All leagues are different, but one thing a lot of rebuilding fantasy teams have in common is their propensity to own a lot of players on NHL teams that are also rebuilding. The team at the top of your keeper league today, the one that has been winning for three or four years, probably stocked up on Chicago players back in 2007 or 2008.
In the NHL, a rebuild doesn't always work, of course. We're still waiting for the Islanders and the Oilers to show the fruits of their rebuilds. And is Columbus starting this year, or have they been rebuilding for the last four or five?
Whether or not it works in real life, it pays to rebuild your fantasy squad by using rebuilding NHL teams. Not only do your team's players improve as their teams improve, but there are also more opportunities for youngsters. A future stud could give you fantasy points next year thanks to the fact he’s a member of Columbus, as opposed to three years from now had he been on the Penguins.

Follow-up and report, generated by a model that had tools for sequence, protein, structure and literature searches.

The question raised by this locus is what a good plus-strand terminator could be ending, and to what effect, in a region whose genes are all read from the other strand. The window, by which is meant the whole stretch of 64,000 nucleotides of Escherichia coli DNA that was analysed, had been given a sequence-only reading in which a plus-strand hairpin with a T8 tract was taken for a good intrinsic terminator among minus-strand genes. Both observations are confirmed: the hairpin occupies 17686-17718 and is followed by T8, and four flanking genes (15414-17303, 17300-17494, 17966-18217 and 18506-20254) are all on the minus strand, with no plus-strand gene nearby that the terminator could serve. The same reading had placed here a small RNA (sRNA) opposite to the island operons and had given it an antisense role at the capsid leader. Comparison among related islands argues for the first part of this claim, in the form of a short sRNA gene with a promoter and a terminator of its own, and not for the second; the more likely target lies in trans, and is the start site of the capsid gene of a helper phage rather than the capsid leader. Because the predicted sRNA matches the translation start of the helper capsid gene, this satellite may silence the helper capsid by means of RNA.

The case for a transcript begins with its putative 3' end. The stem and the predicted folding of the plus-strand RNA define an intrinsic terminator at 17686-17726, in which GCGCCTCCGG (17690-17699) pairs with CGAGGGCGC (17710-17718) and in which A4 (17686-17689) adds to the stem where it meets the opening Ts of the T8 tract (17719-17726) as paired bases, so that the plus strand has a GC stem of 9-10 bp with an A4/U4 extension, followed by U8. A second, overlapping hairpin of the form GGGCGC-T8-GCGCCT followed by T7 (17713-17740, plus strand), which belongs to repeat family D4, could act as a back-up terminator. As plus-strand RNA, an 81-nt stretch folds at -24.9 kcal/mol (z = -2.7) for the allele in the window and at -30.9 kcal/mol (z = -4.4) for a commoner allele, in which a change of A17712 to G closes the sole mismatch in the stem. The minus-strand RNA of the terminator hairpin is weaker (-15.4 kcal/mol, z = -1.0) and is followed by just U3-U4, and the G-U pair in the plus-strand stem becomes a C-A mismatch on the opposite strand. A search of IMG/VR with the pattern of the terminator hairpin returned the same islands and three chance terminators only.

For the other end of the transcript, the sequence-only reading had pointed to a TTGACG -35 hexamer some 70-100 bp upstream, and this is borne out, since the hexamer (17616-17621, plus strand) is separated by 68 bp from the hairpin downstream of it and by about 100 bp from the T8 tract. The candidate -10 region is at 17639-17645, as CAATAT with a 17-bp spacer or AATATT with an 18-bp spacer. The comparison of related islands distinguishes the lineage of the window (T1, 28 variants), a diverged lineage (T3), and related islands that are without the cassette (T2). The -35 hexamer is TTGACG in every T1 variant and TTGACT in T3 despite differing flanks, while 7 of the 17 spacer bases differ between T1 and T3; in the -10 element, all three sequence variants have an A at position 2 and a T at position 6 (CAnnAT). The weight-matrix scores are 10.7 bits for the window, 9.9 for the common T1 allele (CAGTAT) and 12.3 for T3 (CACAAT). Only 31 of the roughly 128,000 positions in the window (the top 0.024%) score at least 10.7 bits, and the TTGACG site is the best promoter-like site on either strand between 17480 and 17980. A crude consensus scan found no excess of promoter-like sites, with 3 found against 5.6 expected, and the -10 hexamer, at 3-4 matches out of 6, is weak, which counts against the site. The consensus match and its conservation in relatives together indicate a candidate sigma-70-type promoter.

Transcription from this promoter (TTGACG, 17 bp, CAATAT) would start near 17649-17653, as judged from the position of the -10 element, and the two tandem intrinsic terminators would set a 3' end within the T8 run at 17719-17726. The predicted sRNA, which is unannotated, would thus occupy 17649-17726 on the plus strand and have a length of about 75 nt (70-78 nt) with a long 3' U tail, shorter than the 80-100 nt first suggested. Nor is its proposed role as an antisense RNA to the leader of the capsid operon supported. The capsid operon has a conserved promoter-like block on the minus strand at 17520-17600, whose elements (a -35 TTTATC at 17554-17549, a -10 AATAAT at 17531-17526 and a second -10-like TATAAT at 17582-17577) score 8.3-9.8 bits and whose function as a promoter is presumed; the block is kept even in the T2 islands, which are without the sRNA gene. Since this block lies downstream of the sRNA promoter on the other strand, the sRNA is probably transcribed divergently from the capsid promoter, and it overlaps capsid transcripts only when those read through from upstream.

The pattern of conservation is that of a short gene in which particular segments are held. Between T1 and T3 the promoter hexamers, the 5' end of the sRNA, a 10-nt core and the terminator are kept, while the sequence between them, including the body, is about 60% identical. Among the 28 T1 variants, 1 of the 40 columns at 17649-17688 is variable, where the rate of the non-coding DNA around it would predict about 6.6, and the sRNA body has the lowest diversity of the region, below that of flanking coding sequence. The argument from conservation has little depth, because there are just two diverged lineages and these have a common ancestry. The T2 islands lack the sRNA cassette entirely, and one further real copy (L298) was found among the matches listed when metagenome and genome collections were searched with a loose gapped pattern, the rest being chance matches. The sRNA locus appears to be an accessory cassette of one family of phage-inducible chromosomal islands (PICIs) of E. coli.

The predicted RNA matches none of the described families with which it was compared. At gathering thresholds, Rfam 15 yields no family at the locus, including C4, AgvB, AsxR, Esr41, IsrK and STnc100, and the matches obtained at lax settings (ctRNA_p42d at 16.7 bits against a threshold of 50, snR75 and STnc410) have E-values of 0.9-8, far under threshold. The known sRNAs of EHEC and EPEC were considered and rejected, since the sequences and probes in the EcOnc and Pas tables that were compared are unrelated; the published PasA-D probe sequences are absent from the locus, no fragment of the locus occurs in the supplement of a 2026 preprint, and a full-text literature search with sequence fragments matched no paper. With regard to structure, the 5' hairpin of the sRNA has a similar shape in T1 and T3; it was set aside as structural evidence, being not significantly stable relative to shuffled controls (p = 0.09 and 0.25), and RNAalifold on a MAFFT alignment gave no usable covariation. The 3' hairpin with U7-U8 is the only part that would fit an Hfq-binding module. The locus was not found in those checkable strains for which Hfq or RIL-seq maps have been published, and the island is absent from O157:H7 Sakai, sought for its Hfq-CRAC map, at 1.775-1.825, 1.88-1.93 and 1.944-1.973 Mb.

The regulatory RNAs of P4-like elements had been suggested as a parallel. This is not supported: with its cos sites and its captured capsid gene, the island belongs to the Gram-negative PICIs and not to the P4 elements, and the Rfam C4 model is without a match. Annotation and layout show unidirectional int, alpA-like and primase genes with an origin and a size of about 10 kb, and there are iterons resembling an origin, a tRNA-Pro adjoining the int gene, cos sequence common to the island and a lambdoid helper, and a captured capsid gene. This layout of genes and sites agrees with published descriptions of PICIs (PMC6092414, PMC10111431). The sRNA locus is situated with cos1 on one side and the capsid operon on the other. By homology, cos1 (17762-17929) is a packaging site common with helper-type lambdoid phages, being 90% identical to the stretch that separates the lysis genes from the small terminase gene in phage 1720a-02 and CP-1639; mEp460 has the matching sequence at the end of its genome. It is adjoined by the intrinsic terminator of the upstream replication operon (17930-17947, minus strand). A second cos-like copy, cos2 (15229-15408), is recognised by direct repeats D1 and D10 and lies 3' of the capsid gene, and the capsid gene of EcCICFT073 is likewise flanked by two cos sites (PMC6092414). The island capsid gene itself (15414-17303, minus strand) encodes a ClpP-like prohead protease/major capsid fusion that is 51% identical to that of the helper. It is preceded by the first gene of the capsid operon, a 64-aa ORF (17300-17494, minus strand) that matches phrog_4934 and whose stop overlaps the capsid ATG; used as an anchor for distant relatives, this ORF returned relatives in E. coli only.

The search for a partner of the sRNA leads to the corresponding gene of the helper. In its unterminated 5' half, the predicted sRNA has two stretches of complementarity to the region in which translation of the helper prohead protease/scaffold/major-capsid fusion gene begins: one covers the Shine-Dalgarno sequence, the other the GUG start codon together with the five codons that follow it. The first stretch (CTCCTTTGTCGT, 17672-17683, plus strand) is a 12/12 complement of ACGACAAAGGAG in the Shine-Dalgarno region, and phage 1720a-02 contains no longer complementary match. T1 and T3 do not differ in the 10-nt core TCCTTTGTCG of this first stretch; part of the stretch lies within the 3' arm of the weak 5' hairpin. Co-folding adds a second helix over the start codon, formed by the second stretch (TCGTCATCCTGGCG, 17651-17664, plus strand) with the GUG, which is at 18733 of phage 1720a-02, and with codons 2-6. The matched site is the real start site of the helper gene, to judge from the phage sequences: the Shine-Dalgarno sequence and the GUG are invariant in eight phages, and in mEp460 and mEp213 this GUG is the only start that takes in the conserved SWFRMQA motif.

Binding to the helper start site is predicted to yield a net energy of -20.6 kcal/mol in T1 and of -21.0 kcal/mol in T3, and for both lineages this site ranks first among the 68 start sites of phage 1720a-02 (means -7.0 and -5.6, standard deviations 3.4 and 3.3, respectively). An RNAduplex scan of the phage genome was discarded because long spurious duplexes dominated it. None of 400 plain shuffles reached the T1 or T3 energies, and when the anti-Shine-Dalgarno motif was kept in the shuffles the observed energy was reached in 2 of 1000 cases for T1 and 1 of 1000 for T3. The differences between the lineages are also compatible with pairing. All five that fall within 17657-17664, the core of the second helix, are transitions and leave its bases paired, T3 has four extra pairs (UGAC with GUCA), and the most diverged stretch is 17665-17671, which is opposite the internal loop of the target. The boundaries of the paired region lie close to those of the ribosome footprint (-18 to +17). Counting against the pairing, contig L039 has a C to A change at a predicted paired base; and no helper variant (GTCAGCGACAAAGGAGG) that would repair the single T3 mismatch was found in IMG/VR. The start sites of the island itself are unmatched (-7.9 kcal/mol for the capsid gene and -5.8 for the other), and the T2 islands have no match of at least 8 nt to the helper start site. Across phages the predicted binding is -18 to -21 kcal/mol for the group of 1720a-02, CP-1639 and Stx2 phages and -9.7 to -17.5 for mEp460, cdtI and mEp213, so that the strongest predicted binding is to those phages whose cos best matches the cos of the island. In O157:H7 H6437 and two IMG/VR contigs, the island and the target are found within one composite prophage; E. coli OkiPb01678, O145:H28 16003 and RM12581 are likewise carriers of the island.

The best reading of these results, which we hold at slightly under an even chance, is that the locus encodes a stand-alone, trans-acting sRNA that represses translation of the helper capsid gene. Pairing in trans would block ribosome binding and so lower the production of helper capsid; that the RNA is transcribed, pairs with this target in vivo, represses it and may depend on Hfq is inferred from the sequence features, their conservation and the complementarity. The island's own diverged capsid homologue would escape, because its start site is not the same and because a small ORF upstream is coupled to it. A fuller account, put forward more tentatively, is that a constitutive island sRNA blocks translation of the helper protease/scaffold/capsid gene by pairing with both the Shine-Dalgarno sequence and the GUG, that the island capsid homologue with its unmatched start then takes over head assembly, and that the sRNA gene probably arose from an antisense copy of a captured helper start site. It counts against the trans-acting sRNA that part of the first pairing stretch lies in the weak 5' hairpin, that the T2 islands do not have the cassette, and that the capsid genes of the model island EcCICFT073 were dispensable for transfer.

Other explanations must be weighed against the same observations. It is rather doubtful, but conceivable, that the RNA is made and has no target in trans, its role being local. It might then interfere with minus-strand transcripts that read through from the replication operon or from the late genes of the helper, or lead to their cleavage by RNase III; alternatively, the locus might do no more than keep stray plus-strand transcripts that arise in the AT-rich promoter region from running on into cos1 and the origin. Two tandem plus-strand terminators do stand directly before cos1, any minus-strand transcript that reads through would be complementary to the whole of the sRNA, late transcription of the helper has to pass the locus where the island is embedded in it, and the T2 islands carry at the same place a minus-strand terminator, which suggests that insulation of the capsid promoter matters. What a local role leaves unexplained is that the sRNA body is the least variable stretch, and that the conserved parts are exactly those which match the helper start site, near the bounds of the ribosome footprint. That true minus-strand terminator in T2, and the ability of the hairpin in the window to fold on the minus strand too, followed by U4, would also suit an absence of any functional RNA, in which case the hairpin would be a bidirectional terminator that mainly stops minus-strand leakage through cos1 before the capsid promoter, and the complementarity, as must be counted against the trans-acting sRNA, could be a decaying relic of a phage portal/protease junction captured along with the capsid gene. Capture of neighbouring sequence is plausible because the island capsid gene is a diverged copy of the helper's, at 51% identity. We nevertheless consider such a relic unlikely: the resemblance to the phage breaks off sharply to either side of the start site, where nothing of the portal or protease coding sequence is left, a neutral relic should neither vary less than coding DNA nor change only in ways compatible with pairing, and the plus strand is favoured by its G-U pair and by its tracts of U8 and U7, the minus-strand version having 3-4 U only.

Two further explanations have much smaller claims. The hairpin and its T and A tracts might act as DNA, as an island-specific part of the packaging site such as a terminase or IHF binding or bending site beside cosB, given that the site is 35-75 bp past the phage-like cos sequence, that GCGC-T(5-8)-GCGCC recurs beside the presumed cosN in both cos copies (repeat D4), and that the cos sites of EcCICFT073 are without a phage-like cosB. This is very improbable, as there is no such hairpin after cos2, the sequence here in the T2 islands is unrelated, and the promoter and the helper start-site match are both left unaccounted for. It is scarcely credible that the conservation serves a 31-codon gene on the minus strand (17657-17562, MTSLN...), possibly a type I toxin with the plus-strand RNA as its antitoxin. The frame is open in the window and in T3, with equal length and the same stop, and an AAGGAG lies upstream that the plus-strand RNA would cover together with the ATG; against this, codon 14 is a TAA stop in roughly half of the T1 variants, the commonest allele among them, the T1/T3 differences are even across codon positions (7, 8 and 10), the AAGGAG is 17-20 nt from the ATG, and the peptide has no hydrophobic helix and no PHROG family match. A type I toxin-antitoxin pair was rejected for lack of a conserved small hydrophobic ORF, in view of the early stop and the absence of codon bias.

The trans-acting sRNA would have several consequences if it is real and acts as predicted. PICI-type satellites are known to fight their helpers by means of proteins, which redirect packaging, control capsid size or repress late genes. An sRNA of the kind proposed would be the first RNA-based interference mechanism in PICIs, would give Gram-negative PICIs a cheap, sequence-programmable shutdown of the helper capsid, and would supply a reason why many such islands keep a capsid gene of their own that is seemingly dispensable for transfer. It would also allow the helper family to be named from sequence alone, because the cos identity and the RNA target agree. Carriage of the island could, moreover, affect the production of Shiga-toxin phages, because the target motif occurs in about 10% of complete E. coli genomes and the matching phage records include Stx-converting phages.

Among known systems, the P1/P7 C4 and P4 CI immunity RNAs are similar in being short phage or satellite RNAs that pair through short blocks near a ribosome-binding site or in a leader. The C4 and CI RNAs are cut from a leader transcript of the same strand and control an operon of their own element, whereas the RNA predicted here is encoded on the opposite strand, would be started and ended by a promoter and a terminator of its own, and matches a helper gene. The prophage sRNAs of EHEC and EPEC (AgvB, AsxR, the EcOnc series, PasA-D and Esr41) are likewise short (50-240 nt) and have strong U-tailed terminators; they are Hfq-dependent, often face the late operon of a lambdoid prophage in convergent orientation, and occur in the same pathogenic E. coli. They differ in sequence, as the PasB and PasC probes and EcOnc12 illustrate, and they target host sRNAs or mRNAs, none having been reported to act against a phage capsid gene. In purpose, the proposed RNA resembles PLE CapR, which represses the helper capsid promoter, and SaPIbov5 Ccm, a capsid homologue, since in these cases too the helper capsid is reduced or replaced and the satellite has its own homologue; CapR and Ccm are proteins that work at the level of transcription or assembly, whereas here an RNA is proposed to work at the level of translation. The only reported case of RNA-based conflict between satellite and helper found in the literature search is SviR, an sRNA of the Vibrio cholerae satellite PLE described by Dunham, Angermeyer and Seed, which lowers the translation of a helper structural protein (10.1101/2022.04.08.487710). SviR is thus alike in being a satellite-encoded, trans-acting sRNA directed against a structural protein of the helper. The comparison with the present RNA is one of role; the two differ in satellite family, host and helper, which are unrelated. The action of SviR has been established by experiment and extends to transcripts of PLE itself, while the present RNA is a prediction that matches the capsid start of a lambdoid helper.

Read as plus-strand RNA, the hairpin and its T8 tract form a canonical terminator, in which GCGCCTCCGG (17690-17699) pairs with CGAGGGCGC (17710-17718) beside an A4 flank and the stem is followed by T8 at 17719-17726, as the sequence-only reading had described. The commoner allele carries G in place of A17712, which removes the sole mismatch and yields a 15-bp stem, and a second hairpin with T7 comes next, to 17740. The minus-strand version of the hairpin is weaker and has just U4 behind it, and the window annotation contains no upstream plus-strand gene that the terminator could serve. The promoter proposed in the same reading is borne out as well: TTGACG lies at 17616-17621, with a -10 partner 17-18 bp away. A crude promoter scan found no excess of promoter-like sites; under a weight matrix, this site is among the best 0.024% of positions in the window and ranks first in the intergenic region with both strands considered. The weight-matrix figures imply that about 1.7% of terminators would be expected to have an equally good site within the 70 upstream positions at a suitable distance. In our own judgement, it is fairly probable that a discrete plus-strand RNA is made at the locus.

WHICH IS THE NEXT TEAM TO START A REBUILD?
As I alluded to in the intro, the Flames have been primed for a rebuild for several years now and indications are that they’re finally about to get started. Here's what to watch for.
1. Jarome Iginla